Michael Moore On His Penchant For 'Trouble'
Michael Moore didn't plan on becoming a filmmaker. As a teenager growing up in the Midwest, he considered documentaries to be a bit like broccoli: good for you, but boring.
Instead, he spent his adolescent and young adult years rabble-rousing. He was elected to the school board when he was a senior in high school, became a young supporter of Richard Nixon, and even flirted with the idea of becoming a Catholic priest.
But once Moore got around to finally making his first film, he stumbled upon a new kind of documentary: confrontational, comedic and provocatively political. Roger & Me, about the decline of Moore's hometown, Flint, Mich., was the public's first glimpse of the documentarian's often brash interview style.
Moore talks with NPR's Neal Conan about his new memoir, Here Comes Trouble: Stories from My Life; why he bristles at being called controversial; and how he feels about the current partisan mood in the United States.
On when he committed himself to standing up against injustice
"When you think back to those pivotal moments ... you're trying to figure out, 'How did I get here?' and sometimes they aren't big things that happen in your life. Sometimes they're very small events.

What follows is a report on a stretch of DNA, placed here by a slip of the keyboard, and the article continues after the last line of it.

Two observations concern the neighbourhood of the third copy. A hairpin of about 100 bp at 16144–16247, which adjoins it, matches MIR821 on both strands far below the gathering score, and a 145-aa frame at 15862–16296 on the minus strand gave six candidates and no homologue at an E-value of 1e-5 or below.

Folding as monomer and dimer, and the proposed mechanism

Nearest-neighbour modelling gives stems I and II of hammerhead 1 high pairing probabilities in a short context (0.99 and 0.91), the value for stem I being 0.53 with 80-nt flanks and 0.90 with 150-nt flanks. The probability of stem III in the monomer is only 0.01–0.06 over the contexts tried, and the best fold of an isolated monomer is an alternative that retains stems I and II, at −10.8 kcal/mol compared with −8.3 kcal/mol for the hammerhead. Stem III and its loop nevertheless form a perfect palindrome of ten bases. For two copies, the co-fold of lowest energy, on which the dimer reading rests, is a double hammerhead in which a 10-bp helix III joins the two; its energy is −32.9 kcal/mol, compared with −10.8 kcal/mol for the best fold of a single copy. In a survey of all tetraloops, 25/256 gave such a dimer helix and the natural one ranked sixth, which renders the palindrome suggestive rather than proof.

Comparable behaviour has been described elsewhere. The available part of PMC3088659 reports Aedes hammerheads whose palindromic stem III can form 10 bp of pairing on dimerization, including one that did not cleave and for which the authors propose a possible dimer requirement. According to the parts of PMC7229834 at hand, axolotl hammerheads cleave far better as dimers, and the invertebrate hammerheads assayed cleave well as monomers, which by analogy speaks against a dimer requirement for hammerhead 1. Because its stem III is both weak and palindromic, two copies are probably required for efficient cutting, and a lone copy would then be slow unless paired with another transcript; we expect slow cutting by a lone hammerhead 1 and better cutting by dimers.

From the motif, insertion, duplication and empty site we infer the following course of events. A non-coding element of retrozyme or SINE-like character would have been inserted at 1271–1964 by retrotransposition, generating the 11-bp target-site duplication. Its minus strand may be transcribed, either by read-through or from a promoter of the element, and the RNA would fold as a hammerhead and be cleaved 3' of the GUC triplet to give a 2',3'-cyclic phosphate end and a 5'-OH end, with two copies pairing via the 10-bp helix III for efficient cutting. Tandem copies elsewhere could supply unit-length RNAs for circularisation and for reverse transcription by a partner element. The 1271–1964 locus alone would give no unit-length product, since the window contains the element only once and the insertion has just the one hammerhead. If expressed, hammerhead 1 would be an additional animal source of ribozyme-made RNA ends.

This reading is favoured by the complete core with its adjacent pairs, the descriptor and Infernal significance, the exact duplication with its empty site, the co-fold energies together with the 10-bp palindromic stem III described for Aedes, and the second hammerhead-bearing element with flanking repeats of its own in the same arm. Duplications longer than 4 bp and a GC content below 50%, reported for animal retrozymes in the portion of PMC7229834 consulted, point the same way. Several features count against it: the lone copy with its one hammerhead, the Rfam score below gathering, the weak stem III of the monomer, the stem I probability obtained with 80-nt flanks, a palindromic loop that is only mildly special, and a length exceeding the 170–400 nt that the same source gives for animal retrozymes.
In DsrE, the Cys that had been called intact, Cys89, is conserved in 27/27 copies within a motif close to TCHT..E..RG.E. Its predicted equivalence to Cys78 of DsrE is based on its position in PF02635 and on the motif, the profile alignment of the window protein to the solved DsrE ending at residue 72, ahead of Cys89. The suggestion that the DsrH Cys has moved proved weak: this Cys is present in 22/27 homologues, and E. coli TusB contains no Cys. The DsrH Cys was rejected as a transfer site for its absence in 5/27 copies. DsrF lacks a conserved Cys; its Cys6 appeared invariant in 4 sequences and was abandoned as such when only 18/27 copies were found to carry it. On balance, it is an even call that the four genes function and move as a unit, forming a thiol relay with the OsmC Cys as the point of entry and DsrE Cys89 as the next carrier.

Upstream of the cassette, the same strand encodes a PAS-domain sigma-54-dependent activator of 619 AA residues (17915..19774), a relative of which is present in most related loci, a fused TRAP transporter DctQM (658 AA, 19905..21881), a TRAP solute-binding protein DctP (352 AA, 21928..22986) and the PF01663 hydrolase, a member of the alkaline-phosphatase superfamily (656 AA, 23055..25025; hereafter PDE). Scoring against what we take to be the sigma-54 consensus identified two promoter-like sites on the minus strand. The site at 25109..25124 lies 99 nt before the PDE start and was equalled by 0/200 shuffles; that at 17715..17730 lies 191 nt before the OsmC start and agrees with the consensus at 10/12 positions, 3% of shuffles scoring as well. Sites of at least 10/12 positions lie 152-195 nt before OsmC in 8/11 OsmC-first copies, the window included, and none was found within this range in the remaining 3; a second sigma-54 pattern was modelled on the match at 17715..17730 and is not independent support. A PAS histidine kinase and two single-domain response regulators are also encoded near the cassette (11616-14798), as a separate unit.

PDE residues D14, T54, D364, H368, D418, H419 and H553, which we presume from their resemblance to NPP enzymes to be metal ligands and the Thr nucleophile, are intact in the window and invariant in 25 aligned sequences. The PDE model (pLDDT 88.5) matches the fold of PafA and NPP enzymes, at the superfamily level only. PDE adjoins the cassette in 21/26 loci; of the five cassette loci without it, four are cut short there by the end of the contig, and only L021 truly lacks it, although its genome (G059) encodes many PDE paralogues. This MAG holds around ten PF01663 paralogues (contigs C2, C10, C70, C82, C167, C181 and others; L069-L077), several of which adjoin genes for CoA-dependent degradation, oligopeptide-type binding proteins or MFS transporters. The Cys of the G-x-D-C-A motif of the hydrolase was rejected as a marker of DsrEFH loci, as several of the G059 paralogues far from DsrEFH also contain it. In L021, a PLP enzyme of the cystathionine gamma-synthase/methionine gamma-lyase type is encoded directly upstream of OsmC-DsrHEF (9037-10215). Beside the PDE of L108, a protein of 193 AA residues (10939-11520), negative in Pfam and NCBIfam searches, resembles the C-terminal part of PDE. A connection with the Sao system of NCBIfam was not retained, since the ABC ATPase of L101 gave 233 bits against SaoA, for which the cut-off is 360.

"And I had just been elected to the school board, but I still had a week left of school. So I was both a student and the boss — or one of the bosses — of the vice principal. We're standing there in line, getting ready to go up to the graduation ceremony, and he's coming down the line making sure each of the boys have a tie on underneath their gown.
"The boy in front of me, [the vice principal] pulls his gown down and he sees a tie, but it's one of those bolo ties ... And he yanks him out of the line, and he says, 'You don't have a proper tie on, and you're not graduating.'
" 'But sir, this is a tie, this is what we wear.'
"And he yanks him out, and he literally takes him out the door. And ... his parents are sitting up there in the stands — go through the whole graduation — their son never comes out. Later they find him curled up in the back seat of their car crying, because he didn't get to graduate.
"But what bothered me really wasn't so much what the vice principal did. It's that I was standing right behind this kid, and I said nothing. I didn't want to cause any trouble. It was my graduation night; I didn't want to get thrown out. And so I stood there in silence. And his mother called me the next day and said, 'What can you do?' And I said, 'Well, we can't re-run the graduation.'
" 'Well, did you see it happen?'
" 'Well, what did you do?'
" 'Um, nothing.'
"And this just — this just did a number on my own conscience. And I just thought, I will never be silent again. And I stood there and said nothing. And I just resolved at that moment, at 18 years old, that I will not stand silently by when I see some injustice taking place, even if it is the smallest thing ... And so I was kind of a different person from that moment on."
On why he dislikes being called controversial